Chicken broth can be made from almost any chicken parts and vegetables. A few chicken breasts poached in water makes a light chicken broth; the leftover bones from a roast chicken simmered for hours makes a basic broth that's probably familiar to most cooks. But if a rich, meaty chicken broth full of flavor and body is your objective, you need chicken wings.
Wings Are the Key to Richer Chicken Broth
Whether used on their own or in partnership with other chicken parts, chicken wings are the secret to richer chicken broth. These small but mighty chicken parts are full of connective tissue, plenty of tender bone, and a decent amount of fat — all of which result in a richer broth.
The three joints of a chicken wing are full of cartilage and, thusly, collagen. When boiled, this cartilage releases collagen, which in turn becomes gelatin and gives the broth body. Often gelatin-rich broths and stocks will thicken as they cool, with a jello-like thickness. The wings' skin also contains a fair amount of fat, which adds a significant amount of flavor to the already-rich broth.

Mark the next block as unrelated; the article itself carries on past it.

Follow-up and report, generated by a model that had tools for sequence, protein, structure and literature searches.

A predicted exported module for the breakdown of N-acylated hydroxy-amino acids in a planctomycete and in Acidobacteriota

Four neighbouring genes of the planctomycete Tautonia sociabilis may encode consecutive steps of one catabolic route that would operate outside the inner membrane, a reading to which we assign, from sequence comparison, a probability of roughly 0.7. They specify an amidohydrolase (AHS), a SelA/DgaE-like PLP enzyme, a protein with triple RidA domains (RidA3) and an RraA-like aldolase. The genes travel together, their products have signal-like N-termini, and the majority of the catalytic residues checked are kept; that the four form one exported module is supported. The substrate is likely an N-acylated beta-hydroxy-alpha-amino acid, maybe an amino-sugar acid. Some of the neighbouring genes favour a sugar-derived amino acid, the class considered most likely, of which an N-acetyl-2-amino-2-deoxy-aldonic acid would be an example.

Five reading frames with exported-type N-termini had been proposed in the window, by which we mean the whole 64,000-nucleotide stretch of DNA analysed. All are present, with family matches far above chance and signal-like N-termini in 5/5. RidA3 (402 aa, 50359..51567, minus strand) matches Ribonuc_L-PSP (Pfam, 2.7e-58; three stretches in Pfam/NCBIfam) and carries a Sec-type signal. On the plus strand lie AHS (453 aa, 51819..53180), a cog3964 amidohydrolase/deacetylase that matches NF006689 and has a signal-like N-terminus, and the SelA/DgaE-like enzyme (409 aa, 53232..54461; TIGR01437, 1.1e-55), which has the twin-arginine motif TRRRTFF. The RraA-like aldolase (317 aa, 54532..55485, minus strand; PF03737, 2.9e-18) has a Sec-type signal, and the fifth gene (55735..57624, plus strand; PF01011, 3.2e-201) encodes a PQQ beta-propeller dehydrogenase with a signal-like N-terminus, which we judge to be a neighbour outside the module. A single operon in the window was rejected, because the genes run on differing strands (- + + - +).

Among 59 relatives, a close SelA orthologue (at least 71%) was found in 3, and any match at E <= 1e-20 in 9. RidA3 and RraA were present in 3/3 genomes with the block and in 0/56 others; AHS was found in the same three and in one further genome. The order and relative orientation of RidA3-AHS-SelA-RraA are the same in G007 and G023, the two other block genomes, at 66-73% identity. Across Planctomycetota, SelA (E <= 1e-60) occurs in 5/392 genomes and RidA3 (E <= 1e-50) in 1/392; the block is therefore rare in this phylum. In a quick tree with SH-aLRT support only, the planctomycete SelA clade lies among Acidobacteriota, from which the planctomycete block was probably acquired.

One more quick tip: Roasting the wings before turning them into broth will also deepen the resulting broth's chicken flavor.